By engaging with multiple partners, the authority has produced a comprehensive package of business support with elements that complement, interact with and amplify each other. For the three implementing partners this was a chance to build connections in the area, resulting in an emerging network of low-carbon South Lakeland businesses.
The council’s work at a district level feeds into wider regional grant funding such as the Low Carbon Lake District Grants offered by the Lake District Foundation, which have provided several opportunities to small businesses for green upskilling during the coronavirus recovery. The council’s vision is for this web of organisations to become even more joined up and streamlined.
What resources were needed?
The council funded the package via its dedicated climate action budget, though it did not demand huge expenditure. South Lakeland has demonstrated how a fairly modest council contribution can catalyse a wide-ranging impact.
Cumbria Action for Sustainability
South Lakeland District Council has provided funding since 2014. In 2018, the council committed to a more regular £50,000 every year. In 2020/21 it made a one-off payment of an extra £50,000 (for a total of £100,000).
Green Small Business
The council committed to covering £150 of the standard £300 cost of Green Small Business accreditation for each business. This contribution was agreed on a flexible basis because demand was uncertain prior to rolling out. The council made the business case on the assumption of 10 businesses participating, equalling a council payment of £1,500. In the first year (2019/2020), uptake was slow with only five to six businesses taking part.
The following year, uptake was much higher due to efforts by the council to champion case studies from the previous cohort and increase exposure. Consequently, in 2020/2021, the council’s contribution was around £3,000. Averaged out, the council’s expenditure has been roughly £2,000 per year to support businesses to receive or renew accreditation.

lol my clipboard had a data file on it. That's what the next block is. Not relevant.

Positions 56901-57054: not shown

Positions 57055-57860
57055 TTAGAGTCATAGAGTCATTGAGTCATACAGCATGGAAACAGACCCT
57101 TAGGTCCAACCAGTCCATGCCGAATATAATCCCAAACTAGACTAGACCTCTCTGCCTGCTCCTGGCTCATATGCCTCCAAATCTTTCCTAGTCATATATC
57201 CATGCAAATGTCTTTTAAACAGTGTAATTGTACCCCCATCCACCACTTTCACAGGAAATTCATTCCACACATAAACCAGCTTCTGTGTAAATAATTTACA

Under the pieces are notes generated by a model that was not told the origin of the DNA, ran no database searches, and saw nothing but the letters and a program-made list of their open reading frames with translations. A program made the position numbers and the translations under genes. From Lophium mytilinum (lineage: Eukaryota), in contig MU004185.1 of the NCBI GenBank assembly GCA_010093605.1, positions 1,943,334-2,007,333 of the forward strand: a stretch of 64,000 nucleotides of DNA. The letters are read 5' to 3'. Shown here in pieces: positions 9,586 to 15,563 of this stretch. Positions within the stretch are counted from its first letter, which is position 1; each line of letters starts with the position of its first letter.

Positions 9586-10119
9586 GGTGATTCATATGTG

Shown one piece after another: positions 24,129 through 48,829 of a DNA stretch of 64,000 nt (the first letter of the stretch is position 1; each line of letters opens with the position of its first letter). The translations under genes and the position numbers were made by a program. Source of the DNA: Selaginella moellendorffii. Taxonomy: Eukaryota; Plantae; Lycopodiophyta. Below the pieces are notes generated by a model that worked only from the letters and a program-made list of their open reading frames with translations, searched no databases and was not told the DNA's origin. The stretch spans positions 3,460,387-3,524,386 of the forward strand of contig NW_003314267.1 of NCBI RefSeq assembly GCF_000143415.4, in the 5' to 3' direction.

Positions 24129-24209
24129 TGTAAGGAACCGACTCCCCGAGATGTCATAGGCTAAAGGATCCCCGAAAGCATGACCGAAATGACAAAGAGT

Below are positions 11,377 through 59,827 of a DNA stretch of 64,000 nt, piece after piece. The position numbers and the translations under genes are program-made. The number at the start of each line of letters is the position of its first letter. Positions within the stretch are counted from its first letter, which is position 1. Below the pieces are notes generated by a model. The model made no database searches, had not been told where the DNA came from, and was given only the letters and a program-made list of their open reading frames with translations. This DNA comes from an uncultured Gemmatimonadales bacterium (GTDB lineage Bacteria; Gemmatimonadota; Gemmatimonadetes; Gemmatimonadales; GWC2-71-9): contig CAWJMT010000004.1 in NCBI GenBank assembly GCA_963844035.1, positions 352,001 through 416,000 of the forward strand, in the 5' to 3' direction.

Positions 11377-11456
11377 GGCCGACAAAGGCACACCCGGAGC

The council contributes £8,000 a year to run courses every six months, once in spring and once in autumn.
The running of each initiative was delegated to the relevant organisation, making it a relatively hands-free operation for the council. Besides ironing out a business case, very little time input was needed from officers, nor was it difficult for the package of support to receive formal approval.
Lessons from South Lakeland
Recovery from the impacts of coronavirus on businesses must be done in a way that contributes to the low carbon economy so that multiple benefits can be achieved. Supporting SMEs (small and medium-sized enterprises) to go green is a way for local authorities to lead by putting a fairer, greener recovery into practice.
South Lakeland’s experience highlights the importance of promotion. The council publicised the various opportunities across its social media platforms to both its business and resident audiences.
The business arm of the council, Invest in South Lakeland, has a newsletter that goes out to businesses, whereas South Lakeland News newsletter goes out to residents via post – the initiatives were advertised regularly in both. However, the council suggest that more could be done to increase awareness and cross-promotion via word of mouth.
Small businesses are extremely time-pressed and therefore have less time to improve their green credentials. In response, both Green Small Business and Future Fixers emphasise that going green can boost profitability in an age when customers are increasingly valuing ethical business. Communications strategies must focus on this angle to get businesses on board.
To find out more, contact:
- Molly Hogg at Cumbria Action for Sustainability – firstname.lastname@example.org
- Karen Bentley-Brown at Future Fixers – email@example.com
- Tim Maiden at Green Small Business – firstname.lastname@example.org
- Matthew Williams at SLDC – email@example.com
We've found some examples of other council activity on this topic.
- Derbyshire County Council has set up a Green Entrepreneurs Fund to help businesses cut carbon emissions.
- North Ayrshire Council has established a Green Jobs Fund so businesses can generate green and fair jobs locally.
Friends of the Earth view
As well as tackling their own emissions councils should encourage and support local businesses, residents and institutions to address climate and nature emergencies. South Lakeland council is doing just that for local small businesses, linking to its aims for a green economic recovery from Covid-19.
To deliver emission cuts across their area councils will need to support and influence a range of partners. For example, councils should also work with schools to tackle emissions in their buildings and catering.
Friends of the Earth is showcasing specific examples of good practice in tackling climate change, but that doesn’t mean we endorse everything that a council is doing.
This case study was produced by Ashden and Friends of the Earth.